FARE, the Food Allergy Research and Education organization is dedicated to speaking up for all Americans with food allergies, including those at risk for life-threatening anaphylaxis. Their mission is to improve the quality of life and the health of individuals with food allergies, and to provide them hope through the promise of new treatments.
Families come to them for information when a loved one is first diagnosed. Healthcare providers come to them for patient education materials and information about clinical trials. Scientists come to them seeking funding for their own food allergy studies. Teachers, restaurant workers and other members of the community come to them to learn how they can make the world safer for people with food allergies.
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"What is a Food Allergy?"
A Food allergy is a serious and potentially life-threatening medical condition affecting up to 15 million Americans. One in every 13 children has a food allergy—that’s about 2 in every U.S. classroom. And every 3 minutes, a food allergy reaction sends someone to the emergency room.
Food allergy is among the diseases considered to be part of the Atopic March. Also known as the Allergic March, this term refers to the progression of allergic diseases in a person’s life: eczema, food allergy, allergic rhinitis and asthma. Not everyone will follow this progression, or experience every condition.
The job of the body’s immune system is to identify and destroy germs (such as bacteria or viruses) that make you sick. A food allergy happens when your immune system overreacts to a harmless food protein—an allergen.
In the U.S., the eight most common food allergens are milk, egg, peanut, tree nuts, soy, wheat, fish and shellfish.
Family history appears to play a role in whether someone develops a food allergy. If you have other kinds of allergic reactions, like eczema or hay fever, you have a greater risk of food allergy. This is also true of asthma.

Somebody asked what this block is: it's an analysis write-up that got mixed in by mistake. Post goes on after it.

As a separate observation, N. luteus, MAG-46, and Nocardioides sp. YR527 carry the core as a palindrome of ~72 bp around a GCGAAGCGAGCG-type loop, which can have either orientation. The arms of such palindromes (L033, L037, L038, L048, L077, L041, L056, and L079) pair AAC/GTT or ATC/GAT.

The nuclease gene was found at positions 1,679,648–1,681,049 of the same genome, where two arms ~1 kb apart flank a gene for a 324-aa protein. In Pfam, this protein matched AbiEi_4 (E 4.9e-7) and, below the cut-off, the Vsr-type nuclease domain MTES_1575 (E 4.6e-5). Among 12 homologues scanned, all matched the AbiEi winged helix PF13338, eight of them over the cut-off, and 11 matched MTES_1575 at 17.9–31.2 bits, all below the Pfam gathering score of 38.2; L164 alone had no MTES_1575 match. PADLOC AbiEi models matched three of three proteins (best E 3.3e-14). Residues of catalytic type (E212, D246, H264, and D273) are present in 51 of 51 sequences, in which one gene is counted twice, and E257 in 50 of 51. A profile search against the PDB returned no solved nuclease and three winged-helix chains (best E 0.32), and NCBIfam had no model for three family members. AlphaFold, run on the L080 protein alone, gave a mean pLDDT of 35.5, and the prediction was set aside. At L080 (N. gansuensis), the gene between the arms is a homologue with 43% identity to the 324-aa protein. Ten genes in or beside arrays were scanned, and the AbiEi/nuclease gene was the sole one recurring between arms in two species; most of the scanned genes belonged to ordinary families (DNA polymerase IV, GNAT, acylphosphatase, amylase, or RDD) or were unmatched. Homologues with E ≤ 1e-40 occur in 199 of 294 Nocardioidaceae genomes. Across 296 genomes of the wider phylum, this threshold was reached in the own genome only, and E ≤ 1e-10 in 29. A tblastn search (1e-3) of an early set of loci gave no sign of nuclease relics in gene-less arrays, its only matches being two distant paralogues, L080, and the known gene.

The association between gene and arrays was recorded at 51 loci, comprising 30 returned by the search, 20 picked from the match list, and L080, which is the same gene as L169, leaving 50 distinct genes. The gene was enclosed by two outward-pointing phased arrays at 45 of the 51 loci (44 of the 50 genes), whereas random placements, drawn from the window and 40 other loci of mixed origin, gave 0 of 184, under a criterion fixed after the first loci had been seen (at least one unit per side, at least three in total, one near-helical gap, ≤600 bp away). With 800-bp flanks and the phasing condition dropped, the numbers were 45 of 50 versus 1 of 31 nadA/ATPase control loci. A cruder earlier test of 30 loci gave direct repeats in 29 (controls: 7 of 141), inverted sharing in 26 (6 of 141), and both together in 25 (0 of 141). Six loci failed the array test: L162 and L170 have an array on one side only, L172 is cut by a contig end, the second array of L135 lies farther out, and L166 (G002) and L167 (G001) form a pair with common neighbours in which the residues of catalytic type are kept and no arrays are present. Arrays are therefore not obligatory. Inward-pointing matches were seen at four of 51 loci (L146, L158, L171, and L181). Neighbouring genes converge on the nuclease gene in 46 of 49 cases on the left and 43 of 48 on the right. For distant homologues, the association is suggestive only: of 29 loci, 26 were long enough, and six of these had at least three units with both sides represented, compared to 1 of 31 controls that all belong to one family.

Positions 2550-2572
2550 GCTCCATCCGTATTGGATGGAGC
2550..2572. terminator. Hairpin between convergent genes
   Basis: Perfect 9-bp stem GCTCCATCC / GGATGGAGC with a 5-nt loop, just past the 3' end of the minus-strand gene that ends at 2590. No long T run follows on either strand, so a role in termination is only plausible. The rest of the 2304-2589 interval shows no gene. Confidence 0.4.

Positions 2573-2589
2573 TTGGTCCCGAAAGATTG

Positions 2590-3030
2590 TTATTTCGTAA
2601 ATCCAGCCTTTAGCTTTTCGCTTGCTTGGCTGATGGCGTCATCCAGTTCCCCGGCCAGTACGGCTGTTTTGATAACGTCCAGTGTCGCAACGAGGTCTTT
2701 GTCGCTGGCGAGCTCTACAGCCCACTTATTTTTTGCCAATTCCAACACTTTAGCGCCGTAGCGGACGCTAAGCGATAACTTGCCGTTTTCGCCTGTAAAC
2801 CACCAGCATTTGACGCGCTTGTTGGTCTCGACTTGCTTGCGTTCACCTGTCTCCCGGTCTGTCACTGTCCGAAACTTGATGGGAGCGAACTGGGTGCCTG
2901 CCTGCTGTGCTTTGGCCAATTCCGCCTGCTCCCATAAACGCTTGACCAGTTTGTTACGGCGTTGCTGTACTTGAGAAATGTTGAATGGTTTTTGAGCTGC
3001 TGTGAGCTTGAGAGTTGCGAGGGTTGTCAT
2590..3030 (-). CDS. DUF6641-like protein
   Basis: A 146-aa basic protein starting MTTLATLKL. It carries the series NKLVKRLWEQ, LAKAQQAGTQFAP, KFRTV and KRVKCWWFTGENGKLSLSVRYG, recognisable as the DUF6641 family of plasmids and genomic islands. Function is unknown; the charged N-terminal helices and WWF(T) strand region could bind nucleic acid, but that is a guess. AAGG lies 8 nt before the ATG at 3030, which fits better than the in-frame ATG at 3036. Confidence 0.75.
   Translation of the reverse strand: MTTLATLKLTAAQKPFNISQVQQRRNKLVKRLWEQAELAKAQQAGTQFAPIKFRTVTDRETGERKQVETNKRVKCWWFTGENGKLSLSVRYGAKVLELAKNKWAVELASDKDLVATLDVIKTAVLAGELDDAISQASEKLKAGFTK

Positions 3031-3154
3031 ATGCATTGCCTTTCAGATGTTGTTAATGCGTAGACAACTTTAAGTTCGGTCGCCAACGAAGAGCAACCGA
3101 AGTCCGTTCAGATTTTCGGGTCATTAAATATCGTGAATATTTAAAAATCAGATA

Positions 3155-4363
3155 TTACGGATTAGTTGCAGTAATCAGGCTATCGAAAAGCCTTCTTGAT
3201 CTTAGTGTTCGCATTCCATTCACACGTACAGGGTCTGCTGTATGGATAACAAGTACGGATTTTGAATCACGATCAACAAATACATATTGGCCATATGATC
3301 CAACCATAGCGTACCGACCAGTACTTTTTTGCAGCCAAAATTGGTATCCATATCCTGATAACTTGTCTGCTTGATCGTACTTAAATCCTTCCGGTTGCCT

Food allergies are not the same as food intolerances, and food allergy symptoms overlap with symptoms of other medical conditions. It is therefore important to have your food allergy confirmed by an appropriate evaluation with an allergist.
Food allergy may occur in response to any food, and some people are allergic to more than one food. Food allergies may start in childhood or as an adult.
All food allergies have one thing in common: They are potentially serious. Always take food allergies—and the people who live with them—seriously.
Food allergy reactions can vary unpredictably from mild to severe. Mild food allergy reactions may involve only a few hives or minor abdominal pain, though some food allergy reactions progress to severe anaphylaxis with low blood pressure and loss of consciousness.
Currently, there is no cure for food allergies. The only way to prevent reactions is to completely avoid the food you are allergic to.
But research is making a difference. Every day, scientists are working toward a better understanding of food allergies—so we can find life-saving treatments.
FARE is proud to be the world’s largest private source of funding for food allergy research.
Find more resources about food allergies at www.foodallergy.org